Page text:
Nonequilibrium systems, driven either by external fields or through active internal processes, are characterized by a constant dissipation of energy in their environment. A challenge is to anticipate how changing the energy dissipated by interacting particles affects their collective behavior. Can we induce phase transitions by enforcing atypical dissipation? Are there unexpected self-assembly pathways based on tuning reliably interactions with dissipation? We explore this by means of a change of ensemble where a specific parameter controls dissipation similarly to how temperature controls energy in equilibrium. In practice, methods of large deviations enable one to simulate and predict the dynamics in this ensemble. Changing ensemble not only varies the dynamical parameters but also modifies the dynamical rules by introducing novel interactions. Therefore, we show that it leads to unexpected transitions such as the emergence of a flocking state despite the lack of microscopic alignment.
Active particles extract energy from their environment to perform a directed motion. Canonical examples at the micro-scale are given by swimming organisms and artificial swimmers, such as bacteria and Janus colloids in a fuel bath. Intuition built on the experience of equilibrium systems has proven effective to predict the large scale behaviors. An open question is then to determine how the local energy dissipation, which drives the system away from equilibrium, can affect the emerging collective effects. What is the signature of energy transfers in the dynamics? How efficient are active particles in promoting collective motion? We develop some techniques to capture the deviation from equilibrium at different time and length scales. This leads us to delineate some regimes where the tools of thermal statistical mechanics still have their say. Overall, we propose a thermodynamic framework to evaluate the energetic cost of activity, as a way to quantify how active systems can sustain some dynamics and phases without any equilibrium equivalent.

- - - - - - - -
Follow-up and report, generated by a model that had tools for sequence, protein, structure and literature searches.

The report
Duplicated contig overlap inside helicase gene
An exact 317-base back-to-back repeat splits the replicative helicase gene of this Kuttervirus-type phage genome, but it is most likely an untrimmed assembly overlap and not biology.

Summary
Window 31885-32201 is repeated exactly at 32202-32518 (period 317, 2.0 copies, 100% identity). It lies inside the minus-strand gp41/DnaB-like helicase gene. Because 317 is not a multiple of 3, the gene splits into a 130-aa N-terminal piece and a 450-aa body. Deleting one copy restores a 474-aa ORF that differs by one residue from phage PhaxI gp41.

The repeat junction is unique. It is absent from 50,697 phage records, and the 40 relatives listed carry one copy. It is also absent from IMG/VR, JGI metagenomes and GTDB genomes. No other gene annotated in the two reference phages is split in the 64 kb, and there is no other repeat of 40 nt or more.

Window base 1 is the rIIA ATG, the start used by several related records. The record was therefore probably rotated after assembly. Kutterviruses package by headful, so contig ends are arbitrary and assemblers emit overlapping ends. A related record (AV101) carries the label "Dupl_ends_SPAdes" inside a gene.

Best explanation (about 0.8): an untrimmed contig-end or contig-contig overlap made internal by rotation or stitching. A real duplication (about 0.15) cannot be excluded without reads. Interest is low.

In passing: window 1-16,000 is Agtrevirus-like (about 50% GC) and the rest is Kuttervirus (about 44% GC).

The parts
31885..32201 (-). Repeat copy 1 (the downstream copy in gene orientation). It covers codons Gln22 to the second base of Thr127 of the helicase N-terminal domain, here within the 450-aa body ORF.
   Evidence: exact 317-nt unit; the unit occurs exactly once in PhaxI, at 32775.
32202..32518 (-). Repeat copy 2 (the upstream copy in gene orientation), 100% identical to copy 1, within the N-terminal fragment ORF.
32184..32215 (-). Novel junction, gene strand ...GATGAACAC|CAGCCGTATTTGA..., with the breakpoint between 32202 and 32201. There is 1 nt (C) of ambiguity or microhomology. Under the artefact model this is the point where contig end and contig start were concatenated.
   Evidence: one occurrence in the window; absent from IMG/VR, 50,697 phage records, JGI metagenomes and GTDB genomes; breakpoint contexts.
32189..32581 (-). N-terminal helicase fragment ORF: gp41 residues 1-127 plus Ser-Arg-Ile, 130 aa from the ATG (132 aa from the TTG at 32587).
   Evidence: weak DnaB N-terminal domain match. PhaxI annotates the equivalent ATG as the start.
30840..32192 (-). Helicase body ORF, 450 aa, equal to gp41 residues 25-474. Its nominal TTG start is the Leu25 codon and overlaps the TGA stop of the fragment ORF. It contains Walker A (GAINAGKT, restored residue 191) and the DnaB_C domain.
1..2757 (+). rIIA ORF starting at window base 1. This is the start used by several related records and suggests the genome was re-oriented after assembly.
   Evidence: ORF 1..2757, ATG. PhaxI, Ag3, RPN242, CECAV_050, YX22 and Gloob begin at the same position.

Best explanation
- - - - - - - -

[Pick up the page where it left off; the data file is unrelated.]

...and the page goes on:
Living systems operate far from equilibrium due to the continuous injection of energy within cells. The dynamics and structure of the intracellular medium are mainly driven by nonequilibrium stochastic processes, such as motor protein activity and cytoskeletal filament (de)polymerization. A central issue is to elucidate how active fluctuations can drive large scale transport in the cell. What are the typical length, time and energy scale of such fluctuations? How are they related to the kinetic and mechanical properties of motors and filaments? How is the chemical energy dissipated by ATP/GTP hydrolysis transmitted to the intracellular components? We combine passive and active microrheology methods, applied on tracer particles which act as probes of the internal fluctuations. We reproduce these measurements with some phenomenological models, which allows us to extract quantitative information about the molecular details of subcellular processes, and to provide some predictions on the efficiency of such processes to power motion in living systems.